As she was making her new film “Good Things Await”, Phie Ambo was inspired to create an experimental piece, “Songs from the Soil”, depicting nature’s transformations over the course of a year in images and music only.
At IDFA 2014, director Phie Ambo’s latest film “Good Things Await” has been selected for The Female Gaze, focusing on the role women have and could have in contemporary filmmaking. Having kickstarted her own career with the Joris Ivens award at IDFA for her debut feature documentary “Family” in 2001, it seems only appropriate that Ambo will also take part in the talk Starting Off Like a Rocket at IDFA 2014.
The director likes to keep busy and has a knack for finding the stories that the world presents to her. While filming “Good Things Await” she found the inspiration for a film that was shot simultaneously; the result, “Songs from the Soil” depicts nature’s transformations over the course of a year with the use of images and music only.
“I wanted to see how far I could take a story that exclusively works in an associative way with images and sound. A story that challenges how we experience beautiful and ugly – and perhaps can take us to another place in our consciousness by lingering on things that don’t normally get our attention, for instance the combination of colours on a yellow and black snail shell, an orange reflection in a lake alongside bright green duckweed, a red earthworm pulling out of black soil,” says the director, adding: “I wanted to break out of my own concepts of ‘real’ dramaturgy and get to a more sensual, and perhaps truer, description of nature changing over time.”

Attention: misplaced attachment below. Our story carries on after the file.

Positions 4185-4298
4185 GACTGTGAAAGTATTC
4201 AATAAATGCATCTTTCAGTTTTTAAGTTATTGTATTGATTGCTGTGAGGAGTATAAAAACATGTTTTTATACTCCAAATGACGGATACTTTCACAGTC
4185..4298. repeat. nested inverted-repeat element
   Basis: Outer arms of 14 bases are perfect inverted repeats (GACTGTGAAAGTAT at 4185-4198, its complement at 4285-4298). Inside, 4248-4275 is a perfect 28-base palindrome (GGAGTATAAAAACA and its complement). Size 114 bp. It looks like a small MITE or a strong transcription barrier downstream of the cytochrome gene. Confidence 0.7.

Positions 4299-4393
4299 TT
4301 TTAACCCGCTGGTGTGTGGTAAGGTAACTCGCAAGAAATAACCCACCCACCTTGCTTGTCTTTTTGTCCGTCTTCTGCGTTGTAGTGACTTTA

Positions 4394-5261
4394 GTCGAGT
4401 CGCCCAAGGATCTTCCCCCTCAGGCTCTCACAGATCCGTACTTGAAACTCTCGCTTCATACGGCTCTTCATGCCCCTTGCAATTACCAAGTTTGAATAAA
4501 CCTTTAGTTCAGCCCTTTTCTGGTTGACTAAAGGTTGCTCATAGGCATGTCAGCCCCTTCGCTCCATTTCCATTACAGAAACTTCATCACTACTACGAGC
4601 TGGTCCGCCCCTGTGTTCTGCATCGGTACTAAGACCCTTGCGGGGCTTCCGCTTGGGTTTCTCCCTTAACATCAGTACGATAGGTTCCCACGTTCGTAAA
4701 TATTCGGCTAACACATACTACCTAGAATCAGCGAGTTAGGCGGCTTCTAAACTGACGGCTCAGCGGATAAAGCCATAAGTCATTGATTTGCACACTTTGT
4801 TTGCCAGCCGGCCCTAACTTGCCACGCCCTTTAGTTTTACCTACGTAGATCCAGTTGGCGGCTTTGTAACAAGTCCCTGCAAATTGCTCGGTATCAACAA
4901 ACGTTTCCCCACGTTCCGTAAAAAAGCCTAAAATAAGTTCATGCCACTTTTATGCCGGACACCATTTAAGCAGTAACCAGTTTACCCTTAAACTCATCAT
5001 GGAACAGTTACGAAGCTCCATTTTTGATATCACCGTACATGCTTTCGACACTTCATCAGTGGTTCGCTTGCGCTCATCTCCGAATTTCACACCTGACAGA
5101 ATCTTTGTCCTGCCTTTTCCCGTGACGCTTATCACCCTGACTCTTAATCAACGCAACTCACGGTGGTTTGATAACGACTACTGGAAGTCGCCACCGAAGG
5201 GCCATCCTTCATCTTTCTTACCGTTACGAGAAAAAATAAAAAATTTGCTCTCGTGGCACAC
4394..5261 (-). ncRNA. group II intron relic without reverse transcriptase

The renowned vocal group Theatre of Voices, singing Jóhan Jóhannsson’s expressive choral work in “Good Things Await”, are also lending their voices to “Songs from the Soil”, performing music by Arvo Pärt. Ambo’s “visual poem,” as the director calls her film, premieres at CPH:DOX 2014 accompanied by a live performance by Theatre of Voices and will also be released on DVD.